Defects in the sea wall first came to light in 2015 – with concerns raised again when the £scheme was finished
Calls have been made for repair work to be completed at Anchorsholme sea defences amid fears a high tide could lead to flooding in the area.
Defects in the sea wall first came to light in 2015 – with concerns raised again in 2017 when the £27m scheme was completed by contractor Balfour Beatty.
In a report to full council in 2018, Blackpool Council’s then deputy leader Coun Gillian Campbell said Balfour Beatty had “accepted responsibility” for the defects in some parts of the wall.
But Anchorsholme councillors Tony Williams and Paul Galley say despite raising concerns “several times over the past few years, still nothing has been done.”
In a joint statement, they added: “Promises made by the council and the contractors Balfour Beatty have been broken and guaranteed deadlines have not been kept.”
The council says Balfour Beatty is working on a solution to the problem with work due to begin soon.
But Coun Williams and Coun Galley say concerns about cracks in the concrete trapping water had been raised right from the start of the project.
They said: “These concerns had been raised from the very start of the work when large concrete beds were washed away by the sea.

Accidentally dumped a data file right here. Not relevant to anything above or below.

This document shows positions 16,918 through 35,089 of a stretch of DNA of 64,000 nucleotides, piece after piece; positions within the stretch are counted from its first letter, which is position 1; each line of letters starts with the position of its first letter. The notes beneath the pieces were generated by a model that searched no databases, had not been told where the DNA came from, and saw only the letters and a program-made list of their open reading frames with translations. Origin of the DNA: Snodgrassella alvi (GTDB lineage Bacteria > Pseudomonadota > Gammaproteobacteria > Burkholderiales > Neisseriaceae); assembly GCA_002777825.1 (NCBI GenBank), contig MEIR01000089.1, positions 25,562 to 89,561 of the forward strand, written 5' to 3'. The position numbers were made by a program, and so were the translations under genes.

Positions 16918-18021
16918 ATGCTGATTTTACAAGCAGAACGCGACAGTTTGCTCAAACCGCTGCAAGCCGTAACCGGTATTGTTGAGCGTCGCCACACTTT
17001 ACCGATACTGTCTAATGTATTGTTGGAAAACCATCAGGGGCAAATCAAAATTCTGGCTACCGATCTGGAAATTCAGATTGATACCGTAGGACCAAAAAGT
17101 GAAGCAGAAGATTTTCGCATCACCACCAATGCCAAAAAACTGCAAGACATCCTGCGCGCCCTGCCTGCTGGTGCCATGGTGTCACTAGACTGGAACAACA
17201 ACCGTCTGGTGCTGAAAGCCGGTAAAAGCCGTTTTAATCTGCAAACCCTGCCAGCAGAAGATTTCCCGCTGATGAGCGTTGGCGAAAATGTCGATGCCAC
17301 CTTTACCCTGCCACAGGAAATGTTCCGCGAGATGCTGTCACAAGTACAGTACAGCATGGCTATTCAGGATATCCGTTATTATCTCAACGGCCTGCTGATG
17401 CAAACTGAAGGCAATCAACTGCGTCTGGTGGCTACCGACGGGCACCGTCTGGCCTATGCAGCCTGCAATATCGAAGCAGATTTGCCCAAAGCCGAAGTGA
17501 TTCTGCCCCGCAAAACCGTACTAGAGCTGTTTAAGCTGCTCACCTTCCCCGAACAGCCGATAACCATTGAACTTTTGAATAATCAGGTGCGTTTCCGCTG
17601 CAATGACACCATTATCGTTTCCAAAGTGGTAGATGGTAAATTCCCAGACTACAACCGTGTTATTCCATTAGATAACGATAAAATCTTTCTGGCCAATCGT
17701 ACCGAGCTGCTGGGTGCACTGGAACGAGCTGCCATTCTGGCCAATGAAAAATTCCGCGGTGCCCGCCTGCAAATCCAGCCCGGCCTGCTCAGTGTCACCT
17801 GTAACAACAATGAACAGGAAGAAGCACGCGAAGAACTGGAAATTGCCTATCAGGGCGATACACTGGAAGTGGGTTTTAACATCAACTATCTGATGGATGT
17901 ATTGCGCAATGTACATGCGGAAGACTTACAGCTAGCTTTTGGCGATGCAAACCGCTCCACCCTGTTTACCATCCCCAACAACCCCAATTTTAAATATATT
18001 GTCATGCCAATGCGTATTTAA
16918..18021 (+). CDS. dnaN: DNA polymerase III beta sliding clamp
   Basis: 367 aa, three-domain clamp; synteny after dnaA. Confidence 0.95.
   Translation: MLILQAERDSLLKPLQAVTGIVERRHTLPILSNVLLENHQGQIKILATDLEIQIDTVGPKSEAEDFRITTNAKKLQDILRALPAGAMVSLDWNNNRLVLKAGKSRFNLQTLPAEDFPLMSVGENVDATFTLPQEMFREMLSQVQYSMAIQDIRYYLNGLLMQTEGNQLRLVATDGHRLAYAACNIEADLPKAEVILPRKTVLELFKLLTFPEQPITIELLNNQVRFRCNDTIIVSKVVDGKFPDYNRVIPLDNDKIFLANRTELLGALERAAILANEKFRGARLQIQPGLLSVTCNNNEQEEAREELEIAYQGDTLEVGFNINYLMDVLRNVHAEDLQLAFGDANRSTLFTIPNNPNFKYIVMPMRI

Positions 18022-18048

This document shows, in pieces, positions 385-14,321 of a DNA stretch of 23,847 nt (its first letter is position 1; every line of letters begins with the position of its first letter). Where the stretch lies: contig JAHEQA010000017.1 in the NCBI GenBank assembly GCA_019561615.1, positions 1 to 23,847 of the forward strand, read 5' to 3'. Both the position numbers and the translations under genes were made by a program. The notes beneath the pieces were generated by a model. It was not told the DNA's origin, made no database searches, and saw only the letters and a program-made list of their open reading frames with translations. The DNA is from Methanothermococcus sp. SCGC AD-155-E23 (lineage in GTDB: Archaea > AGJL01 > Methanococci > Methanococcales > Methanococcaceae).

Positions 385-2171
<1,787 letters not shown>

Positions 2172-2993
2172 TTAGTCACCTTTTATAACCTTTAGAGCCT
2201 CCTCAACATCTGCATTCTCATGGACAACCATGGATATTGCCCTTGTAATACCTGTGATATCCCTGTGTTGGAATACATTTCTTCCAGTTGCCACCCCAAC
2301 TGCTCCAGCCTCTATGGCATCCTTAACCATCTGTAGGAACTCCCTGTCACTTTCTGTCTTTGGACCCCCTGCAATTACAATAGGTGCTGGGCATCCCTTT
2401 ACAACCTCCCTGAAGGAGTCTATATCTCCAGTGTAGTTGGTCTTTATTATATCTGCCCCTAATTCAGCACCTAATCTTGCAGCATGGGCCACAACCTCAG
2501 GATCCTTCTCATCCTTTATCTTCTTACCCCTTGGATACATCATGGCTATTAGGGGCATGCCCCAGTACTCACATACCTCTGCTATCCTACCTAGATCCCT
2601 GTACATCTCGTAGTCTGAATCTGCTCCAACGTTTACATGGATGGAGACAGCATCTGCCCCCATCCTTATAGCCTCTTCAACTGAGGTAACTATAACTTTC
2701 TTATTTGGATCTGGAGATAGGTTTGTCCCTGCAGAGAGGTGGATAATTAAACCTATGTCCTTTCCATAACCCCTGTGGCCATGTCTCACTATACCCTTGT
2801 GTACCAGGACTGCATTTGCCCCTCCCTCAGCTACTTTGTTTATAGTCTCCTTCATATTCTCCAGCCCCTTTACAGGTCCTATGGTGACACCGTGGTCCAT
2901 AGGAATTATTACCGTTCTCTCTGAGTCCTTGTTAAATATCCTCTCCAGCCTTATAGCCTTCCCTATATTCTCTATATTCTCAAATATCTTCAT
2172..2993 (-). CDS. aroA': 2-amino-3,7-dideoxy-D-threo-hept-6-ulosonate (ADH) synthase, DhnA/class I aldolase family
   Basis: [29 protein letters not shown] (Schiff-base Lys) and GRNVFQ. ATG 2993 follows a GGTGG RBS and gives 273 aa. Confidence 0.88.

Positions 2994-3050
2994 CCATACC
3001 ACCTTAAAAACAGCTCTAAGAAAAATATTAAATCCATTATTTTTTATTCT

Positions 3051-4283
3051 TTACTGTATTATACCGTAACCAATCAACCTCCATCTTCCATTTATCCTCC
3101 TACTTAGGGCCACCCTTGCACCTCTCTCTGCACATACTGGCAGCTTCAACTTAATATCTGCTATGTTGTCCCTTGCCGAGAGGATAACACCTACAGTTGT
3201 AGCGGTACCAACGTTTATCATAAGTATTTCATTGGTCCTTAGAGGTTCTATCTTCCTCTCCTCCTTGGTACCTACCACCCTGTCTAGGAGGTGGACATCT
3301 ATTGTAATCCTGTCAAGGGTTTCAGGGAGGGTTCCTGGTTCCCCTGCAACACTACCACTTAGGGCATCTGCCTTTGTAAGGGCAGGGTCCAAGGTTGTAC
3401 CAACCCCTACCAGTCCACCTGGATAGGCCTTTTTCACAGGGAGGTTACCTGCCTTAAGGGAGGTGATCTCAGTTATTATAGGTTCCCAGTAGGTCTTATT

“Both the council and Balfour Beatty gave assurances at the time that all was well – clearly it wasn’t.
“Balfour Beatty agreed to repair all the faults that occured and they started work early last year. However they appear to have ceased all further work and the repairs are unfinished.
“In the meantime after six years of work the sea defences are still not finished and as this area around Anchorsholme is a flood risk, lots of the residents are rightly worried and annoyed.”
John Blackledge, Blackpool Council’s director of community and environmental services, said: “Balfour Beatty accept liability for the defects and repairs, the works are still under their control, they have been designing a solution and are currently checking the long term effects of the solution through a series of extensive testing.
“Once this investigation and testing is complete we will be in a position to advise when the defect and repair works will commence.
“Despite the work that may be required it is important that we must not lose sight of the huge benefits the sea wall is providing as a barrier to potential flooding.”